In sixth grade, the same year that puberty hit me with irrevocable force, I had an art teacher, Mr. Blake…[who said] that great artists all acknowledged that the female form was more beautiful than the male…
In time, I discovered that Mr. Blake was wrong about this so-called artistic consensus. But it took me a lot longer to unlearn the damage done by remarks like his and by the conventional wisdom of my childhood. I came into puberty convinced both that my male body was repulsive and that the girls for whom I longed were flawless.
Schwyzer talks about the first time he had sex:
A year later, in my first sexual relationship, I was convinced that my girlfriend found my body physically repellent. I could accept that girls liked and wanted sex, but I figured that what my girlfriend liked was how I made her feel in spite of how my body must have appeared to her. Though I trusted that she loved me, the idea that she—or any other woman—could want this sweaty, smelly, fumbling flesh was still unthinkable.
Later, Schwyzer (who describes himself as bicurious) recounts a sexual encounter with an older man:
I remember one night when I was still in high school that I had sex with a much older man. He was maybe 40, and I couldn’t get enough of the way he looked at me. I felt a rush of elation and relief so great it made me cry. The sex I had with him was not based on my desire for him; rather, I wanted to make him feel good out of my own colossal gratitude for how he had made me feel with his words and his gaze. As we lay on a motel bed, this man ran his fingers across every inch of my body, murmuring flattery of the kind I had never heard from a woman’s lips… I was floored. How different those words were from my ex-girlfriend’s “Hugo, you make me feel so good.” While she had praised my technique, this stranger praised my body’s desirability. And I realized how hungry I was for exactly that kind of affirmation. I needed something to counter that old certainty that my male body was disgusting.
Some of the comments evoke what I was saying the other day about the delicate overlap between objectification and the inherently human impulse/need to be sexually desired. Stephen writes:
My last relationship came to an end in part because I never really felt like my girlfriend thought I was attractive. After two years, I cannot name one time she just told me she thought I was cute/hot/attractive/whatever. It’s a little disheartening, honestly.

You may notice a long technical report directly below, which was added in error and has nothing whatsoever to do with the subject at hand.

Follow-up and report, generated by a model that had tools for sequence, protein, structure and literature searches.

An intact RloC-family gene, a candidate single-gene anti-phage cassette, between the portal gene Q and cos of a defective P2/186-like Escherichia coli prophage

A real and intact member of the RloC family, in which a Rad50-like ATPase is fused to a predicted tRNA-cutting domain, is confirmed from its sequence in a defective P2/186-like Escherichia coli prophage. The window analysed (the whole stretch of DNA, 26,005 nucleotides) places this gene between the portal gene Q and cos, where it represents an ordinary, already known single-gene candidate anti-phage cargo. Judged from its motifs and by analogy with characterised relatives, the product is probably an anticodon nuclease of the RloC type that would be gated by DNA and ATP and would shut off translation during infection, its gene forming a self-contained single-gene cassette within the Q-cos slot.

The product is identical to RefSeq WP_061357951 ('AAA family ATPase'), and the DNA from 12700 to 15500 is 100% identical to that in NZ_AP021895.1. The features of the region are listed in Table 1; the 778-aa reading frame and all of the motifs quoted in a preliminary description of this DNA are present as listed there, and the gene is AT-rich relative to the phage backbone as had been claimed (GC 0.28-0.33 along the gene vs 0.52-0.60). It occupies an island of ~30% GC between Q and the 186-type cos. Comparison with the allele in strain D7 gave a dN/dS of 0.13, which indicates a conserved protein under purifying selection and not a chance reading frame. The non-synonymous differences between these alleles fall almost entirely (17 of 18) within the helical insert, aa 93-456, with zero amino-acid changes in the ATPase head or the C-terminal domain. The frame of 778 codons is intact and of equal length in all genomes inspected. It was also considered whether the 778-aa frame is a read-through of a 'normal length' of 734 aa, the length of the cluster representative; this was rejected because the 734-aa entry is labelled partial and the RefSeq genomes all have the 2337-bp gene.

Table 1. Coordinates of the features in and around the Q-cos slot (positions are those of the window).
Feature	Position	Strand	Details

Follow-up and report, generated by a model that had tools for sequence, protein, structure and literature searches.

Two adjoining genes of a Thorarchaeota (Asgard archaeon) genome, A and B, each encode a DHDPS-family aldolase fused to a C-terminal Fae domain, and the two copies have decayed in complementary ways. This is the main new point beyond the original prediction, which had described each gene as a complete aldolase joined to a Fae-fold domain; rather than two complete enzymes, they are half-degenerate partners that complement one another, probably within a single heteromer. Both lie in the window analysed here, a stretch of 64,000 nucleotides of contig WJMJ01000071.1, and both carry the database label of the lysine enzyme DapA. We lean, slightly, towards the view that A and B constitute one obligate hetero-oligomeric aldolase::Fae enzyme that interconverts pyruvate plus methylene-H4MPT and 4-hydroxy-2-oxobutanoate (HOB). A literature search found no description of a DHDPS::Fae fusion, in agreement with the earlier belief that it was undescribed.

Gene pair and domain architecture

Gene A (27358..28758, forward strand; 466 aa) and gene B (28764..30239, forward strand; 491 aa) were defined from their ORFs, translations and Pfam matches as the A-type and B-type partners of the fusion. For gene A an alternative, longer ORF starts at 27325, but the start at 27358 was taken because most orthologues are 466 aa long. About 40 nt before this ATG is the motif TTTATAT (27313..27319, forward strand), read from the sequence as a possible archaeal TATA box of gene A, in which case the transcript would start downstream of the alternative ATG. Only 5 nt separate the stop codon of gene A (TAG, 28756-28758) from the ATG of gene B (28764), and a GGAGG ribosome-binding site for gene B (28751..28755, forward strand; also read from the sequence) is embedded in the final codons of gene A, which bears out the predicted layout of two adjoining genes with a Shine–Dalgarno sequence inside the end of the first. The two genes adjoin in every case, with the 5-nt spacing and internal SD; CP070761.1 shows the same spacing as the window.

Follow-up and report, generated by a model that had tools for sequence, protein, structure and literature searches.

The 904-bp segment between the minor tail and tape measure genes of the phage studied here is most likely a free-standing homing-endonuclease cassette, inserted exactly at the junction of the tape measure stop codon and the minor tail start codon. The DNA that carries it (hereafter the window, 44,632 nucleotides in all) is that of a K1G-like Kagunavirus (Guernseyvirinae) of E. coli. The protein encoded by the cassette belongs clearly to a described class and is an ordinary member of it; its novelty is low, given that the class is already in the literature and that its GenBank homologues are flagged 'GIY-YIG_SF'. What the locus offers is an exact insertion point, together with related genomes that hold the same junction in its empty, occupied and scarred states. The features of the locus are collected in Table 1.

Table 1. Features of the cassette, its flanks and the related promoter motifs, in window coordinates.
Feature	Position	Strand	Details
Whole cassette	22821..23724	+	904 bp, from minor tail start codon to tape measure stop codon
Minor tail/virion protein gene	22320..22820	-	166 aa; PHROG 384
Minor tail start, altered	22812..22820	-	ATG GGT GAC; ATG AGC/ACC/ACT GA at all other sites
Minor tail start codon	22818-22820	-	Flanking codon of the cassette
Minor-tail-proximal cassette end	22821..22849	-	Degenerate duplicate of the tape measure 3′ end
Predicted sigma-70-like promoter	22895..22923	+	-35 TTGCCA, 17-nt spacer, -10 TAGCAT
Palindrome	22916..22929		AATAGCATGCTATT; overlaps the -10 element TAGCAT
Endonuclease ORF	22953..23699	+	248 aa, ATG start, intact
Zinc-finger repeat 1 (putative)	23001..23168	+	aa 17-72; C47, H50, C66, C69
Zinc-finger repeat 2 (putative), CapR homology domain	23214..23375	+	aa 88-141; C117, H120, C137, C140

I relate so much. I’ve felt this way nearly all my life. I’m really surprised that someone addressed this issue, and so succinctly. In the past, I’ve not been taken seriously when expressing these concerns; and at times, people have insinuated that I’m not straight (to put it nicely). However, I am straight. Remarkably, I can trace this anxiety to the same nursery rhyme, and also, a teacher’s insensitive comments.
Natureartist confirms Schwyzer’s thesis:
When I was as young as 14 I use to argue about this very issue. My Dad was into photography, and I questioned him as to why only women were the subjects in his photography magazines. He claimed that women were beautiful and men were ugly. Unfortunately, I didn’t get the memo on that. He and I had many spirited arguments on the issue. I always claimed that men were just as beautiful, but it was to no avail when arguing with him. I just agreed to disagree. It is interesting to me that one would even want to see themselves as anything but desirable and attractive.
Jess sees male insecurity reflected in her work:
I’m an art student, and in my figure drawing classes we have yet to have a male model. I’d love to draw one – I’ve become incredibly adept at drawing many different kinds of female figures, from young woman to very old woman, but for the most part I’ve had to teach myself how to draw men. I’ve sat in public and drawn them, I’ve looked up reference photos, and one of my friends even suggested that I look to porn sites and erotic photo collections for varied male nudes.
Dominick brings it home:
I’m gay — hot men’s bodies are awesome.
See also Noah Brand’s recent article about his insecurity with his naked body (NSFW).
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